A problem in Makarov's Selected problems in real analysis asks to investigate the convergence of $\displaystyle \sum_n \frac{|\sin(n^2)|}{n}$

I'm clueless at the moment. I can't find any good property of the sequence $|\sin(n^2)|$.

$|\sin(n^2)|$ is small whenever $n\sim \sqrt{p\pi}$, and, as $p\to \infty$, the $\sqrt{p\pi}$ get closer to each other since $\sqrt{(p+1)\pi}-\sqrt{p\pi}\sim \frac 12 \sqrt{\frac{\pi}{p}}$.

Any hint is appreciated.

  • $\begingroup$ The letter $p$ doesn't mean "prime", does it? Just in case. $\endgroup$
    – ajotatxe
    Aug 23, 2016 at 20:18
  • $\begingroup$ @ajotatxe no, just any integer $\endgroup$ Aug 23, 2016 at 20:18
  • $\begingroup$ I suspect this diverges because it's similar to $\sum_{n=1}^\infty(\frac{1}{n})$ however, that sequence unfortunately bounds our sequence of interest from above rather than below (and hence isn't useful for proving divergence). $\endgroup$ Aug 23, 2016 at 20:45
  • 1
    $\begingroup$ Your series diverges with the above absolute value, and converges without it. It's a tricky one. As a hint, try considering the average value of sine (with and without absolute value) along a single period. $\endgroup$
    – Shlomi A
    Aug 23, 2016 at 20:50
  • $\begingroup$ @ShlomiA is equidistribution what you were hinting at ? $\endgroup$ Aug 23, 2016 at 21:39

3 Answers 3


Weyl's equidistribution theorem, see e.g. Weyl-Tao, Corollary 6 implies that $n^2$ is asymptotically equidistributed mod $2\pi$. Thus as $N\rightarrow +\infty$: $$ M_N=\frac{1}{N} \sum_{n=1}^N |\sin(n^2)| \rightarrow \frac{1}{2\pi}\int_0^{2\pi} |\sin(t)|dt=\frac{2}{\pi}$$ Now, find a sequence $N_k$, $k\geq 1$, so that $10N_k\leq N_{k+1}$ and $M_{N_k}\geq \frac{1}{\pi}$. Then for every $k\geq 1$ $$ \sum_{n=N_k+1}^{N_{k+1}} \frac{|\sin n^2|}{n} \geq \frac{1}{N_{k+1}}\sum_{n=N_k+1}^{N_{k+1}} |\sin n^2| \geq M_{N_{k+1}} - \frac{N_k}{N_{k+1}} \geq \frac{1}{\pi}-\frac{1}{10}>0$$ Summing over $k$ we conclude the divergence of $\sum_{n\geq 1} |\sin(n^2)|/n$

One may note that the result (as well as the proof) goes through when replacing $n^2$ by any polynomial in $n$, $p(n)=a_d n^d+\cdots +a_0$ as long as the leading coefficient $a_d$ is rationally independent from $\pi$.

  • $\begingroup$ Ok, thanks for the clarification, great proof! $\endgroup$ Aug 23, 2016 at 21:30
  • $\begingroup$ @H-H-Rugh, nice! Can you demonstrate that it converges without the absolute value? $\endgroup$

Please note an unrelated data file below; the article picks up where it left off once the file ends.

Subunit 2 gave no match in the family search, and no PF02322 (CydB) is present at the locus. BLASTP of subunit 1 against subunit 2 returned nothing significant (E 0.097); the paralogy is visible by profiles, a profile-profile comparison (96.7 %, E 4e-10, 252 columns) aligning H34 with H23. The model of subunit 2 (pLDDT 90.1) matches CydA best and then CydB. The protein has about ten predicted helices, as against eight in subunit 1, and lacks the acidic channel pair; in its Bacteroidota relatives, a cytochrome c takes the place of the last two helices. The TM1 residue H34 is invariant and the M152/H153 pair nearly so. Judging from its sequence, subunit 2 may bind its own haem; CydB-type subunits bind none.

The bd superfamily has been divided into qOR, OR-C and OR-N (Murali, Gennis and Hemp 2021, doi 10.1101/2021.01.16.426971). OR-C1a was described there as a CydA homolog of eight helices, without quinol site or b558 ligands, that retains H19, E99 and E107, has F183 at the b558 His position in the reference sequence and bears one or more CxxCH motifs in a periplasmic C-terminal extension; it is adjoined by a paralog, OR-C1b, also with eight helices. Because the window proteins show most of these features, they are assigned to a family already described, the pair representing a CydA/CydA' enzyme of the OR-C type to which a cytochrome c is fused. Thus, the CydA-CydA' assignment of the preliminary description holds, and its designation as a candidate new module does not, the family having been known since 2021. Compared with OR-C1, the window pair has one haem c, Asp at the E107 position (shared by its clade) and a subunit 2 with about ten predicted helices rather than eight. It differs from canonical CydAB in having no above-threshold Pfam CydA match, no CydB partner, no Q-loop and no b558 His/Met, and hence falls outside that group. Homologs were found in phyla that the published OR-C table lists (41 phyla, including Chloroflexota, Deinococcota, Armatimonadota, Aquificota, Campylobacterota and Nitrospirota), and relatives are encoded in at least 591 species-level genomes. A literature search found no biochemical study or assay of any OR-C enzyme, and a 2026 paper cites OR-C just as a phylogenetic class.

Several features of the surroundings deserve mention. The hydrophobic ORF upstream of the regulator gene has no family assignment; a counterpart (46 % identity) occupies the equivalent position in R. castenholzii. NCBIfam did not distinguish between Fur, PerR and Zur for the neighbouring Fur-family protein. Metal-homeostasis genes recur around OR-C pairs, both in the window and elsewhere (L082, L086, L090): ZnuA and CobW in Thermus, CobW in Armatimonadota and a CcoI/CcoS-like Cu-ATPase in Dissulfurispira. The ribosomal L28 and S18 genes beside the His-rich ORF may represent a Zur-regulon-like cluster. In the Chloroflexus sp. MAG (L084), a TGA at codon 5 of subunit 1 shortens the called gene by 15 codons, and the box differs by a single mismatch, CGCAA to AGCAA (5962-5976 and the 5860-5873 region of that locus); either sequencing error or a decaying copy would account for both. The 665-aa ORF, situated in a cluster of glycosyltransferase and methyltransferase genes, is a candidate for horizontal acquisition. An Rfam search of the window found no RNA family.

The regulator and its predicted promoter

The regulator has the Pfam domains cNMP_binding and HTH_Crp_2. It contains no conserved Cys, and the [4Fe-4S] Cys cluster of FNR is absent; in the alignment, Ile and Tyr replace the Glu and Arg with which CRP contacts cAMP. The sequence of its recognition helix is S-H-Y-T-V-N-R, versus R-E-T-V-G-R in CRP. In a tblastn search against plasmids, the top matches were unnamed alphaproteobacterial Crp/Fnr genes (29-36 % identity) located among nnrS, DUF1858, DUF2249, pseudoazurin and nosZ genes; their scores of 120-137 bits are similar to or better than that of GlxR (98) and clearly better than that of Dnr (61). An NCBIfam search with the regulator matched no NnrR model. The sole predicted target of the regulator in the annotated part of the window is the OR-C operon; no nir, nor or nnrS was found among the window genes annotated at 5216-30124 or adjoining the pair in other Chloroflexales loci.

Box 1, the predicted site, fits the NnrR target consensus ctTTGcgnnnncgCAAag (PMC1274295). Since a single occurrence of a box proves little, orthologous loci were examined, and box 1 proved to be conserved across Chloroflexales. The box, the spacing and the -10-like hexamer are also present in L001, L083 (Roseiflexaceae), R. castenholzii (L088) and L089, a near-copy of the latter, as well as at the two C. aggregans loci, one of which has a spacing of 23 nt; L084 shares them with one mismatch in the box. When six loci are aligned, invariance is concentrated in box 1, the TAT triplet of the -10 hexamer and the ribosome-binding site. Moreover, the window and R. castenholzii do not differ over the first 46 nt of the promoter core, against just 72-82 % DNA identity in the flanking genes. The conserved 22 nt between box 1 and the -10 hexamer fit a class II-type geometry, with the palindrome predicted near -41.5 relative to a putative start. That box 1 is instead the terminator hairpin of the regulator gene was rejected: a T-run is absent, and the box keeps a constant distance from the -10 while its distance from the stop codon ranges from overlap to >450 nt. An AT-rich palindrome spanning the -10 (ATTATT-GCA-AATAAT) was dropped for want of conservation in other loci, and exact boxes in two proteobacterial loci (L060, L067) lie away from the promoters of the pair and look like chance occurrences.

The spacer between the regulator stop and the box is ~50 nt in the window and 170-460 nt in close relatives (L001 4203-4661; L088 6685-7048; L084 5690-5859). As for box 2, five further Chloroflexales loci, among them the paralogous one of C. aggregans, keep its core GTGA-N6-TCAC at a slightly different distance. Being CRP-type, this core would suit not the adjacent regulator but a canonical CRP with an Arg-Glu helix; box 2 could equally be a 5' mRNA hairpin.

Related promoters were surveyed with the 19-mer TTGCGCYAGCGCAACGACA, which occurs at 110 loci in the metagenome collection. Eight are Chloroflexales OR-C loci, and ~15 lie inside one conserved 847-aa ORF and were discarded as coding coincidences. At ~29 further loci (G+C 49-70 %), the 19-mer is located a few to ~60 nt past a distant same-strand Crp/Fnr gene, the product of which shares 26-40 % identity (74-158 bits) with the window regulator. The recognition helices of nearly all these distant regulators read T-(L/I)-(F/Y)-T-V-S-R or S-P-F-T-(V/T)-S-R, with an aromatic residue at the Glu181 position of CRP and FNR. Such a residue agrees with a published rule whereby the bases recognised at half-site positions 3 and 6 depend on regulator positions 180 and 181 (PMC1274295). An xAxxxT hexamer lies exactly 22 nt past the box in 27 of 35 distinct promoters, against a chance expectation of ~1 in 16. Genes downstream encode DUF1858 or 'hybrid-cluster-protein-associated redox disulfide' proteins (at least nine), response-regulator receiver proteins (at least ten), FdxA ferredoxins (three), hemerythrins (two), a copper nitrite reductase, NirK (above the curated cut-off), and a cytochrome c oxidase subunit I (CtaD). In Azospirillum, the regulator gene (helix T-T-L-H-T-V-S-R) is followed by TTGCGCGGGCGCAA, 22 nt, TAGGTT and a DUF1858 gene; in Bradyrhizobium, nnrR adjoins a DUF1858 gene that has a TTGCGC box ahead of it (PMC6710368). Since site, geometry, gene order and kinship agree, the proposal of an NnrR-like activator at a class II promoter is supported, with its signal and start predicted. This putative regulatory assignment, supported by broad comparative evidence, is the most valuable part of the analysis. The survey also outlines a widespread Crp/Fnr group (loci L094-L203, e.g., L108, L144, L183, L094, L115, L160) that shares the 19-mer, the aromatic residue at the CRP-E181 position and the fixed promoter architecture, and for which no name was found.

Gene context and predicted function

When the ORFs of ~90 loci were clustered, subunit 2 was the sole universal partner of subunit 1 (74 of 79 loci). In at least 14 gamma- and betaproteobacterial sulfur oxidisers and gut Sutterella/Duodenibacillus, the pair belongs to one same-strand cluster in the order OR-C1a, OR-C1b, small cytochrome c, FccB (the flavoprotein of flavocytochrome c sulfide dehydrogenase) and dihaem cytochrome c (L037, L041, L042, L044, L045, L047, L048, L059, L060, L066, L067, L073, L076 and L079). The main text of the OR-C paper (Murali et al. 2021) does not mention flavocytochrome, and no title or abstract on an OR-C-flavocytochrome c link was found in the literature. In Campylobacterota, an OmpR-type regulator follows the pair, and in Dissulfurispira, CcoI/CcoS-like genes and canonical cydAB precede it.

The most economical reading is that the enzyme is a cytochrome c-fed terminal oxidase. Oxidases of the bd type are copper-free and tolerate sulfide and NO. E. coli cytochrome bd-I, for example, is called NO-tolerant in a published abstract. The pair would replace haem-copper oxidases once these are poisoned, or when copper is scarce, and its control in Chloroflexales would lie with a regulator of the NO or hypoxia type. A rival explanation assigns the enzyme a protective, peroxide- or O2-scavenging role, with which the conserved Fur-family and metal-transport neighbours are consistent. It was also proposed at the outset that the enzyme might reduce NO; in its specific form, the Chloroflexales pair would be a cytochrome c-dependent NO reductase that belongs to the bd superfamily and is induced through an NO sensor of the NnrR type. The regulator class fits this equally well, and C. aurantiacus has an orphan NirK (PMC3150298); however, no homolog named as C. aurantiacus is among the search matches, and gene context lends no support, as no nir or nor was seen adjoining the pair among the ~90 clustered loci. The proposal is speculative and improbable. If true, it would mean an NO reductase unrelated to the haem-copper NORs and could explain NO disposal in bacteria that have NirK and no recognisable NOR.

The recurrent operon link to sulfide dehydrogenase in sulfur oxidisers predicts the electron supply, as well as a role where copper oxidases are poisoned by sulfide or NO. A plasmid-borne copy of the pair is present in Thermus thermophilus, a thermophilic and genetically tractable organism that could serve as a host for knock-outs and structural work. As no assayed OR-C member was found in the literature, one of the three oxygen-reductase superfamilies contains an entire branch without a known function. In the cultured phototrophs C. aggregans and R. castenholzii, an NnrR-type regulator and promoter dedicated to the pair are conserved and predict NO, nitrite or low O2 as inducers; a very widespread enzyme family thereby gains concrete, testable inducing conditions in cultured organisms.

– Shlomi A
    Aug 24, 2016 at 18:52
  • $\begingroup$ @ShlomiA Nope, excellent question. I have thought about it but for that the equidistribution has to be sufficiently rapid and that is not guaranteed by Weyl (as far as I know). $\endgroup$
    – H. H. Rugh
    Aug 24, 2016 at 18:57
  • $\begingroup$ @ShlomiA PS: I have posed the question on MO (I don't think it has an easy answer). $\endgroup$
    – H. H. Rugh
    Aug 24, 2016 at 19:39
  • $\begingroup$ @H-H-Rugh, how about the Dirichlet convergence test? I think that oughtta do it. $\endgroup$
    – Shlomi A
    Aug 24, 2016 at 19:42

The series diverges. The sloppy reasoning is that $|\sin(n^2)|$ is roughly a random value between $0$ and $1$ with an average greater than or equal to $0.1$ and $\sum_n \frac{0.1}{n}$ certainly diverges.

To make this more rigorous, as @H.H.Rugh points out in his solution, as $n \to \infty$, $n^2$ is equidistributed mod $\pi$ (using Corollary 6 from here). Thus

$$|\sin(n^2)| > \frac{1}{2} \ \text{ whenever }\ n^2 \text{ mod }\pi \in \left(\frac{\pi}{6},\frac{5\pi}{6}\right)$$

which happens two thirds of the time (asymptotically). Therefore for large enough $N \in \mathbb{Z}$,

$$\sum_{n=N+1}^{2N} \frac{|\sin(n^2)|}{n}> \frac{1}{2N} \sum_{n=N+1}^{2N} |\sin(n^2)| > \frac{1}{2N} \frac{N}{2} \frac{1}{2} = \frac{1}{8}$$

since $|\sin(n^2)| > \frac{1}{2}$ for more than one half of the $n$ in $\{N+1,...,2N\}$

Therefore the series diverges since the tail of the series diverges:

$$\sum_{n=N+1}^{\infty} \frac{|\sin(n^2)|}{n} = \sum_{k=0}^\infty \left(\sum_{n=2^k N+1}^{2^{k+1}N} \frac{|\sin(n^2)|}{n} \right)> \sum_{k=0}^\infty \frac{1}{8} = \infty$$

  • $\begingroup$ it's Corollary* and thanks for the heuristics $\endgroup$ Aug 24, 2016 at 8:44

Use the limit: $$\lim_{n\to\infty}\frac{1}{n}\sum_{k=1}^{n}|\sin(k^2)|=\frac{2}{\pi};\tag{*}$$ and the lemma which is implied by Stolz's theorem :

Let $\{a_n\}_{n\ge1}$ be a sequence such that $\lim_{n\to\infty}\frac{1}{n}\sum_{k=1}^na_k=a<\infty.$ Then $\lim_{n\to\infty}\frac{1}{\ln n}\sum_{k=1}^n\frac{a_k}{k}=a.$

Proof: Let $a_k=|\sin(k^2)|$, then, by $(*)$, $$\lim_{n\to\infty}\frac{1}{n}\sum_{k=1}^na_k=\frac2\pi,$$ by the lemma above, we konw that $$\sum_{k=1}^{n}\frac{|\sin(k^2)|}{k}\sim\frac{2\ln n}{\pi}\quad (n\to\infty).$$ So $$\sum_n^{\infty}\frac{|\sin(n^2)|}{n} =\lim_{n\to\infty}\sum_{k=1}^{n}\frac{|\sin(k^2)|}{k}=\infty.$$


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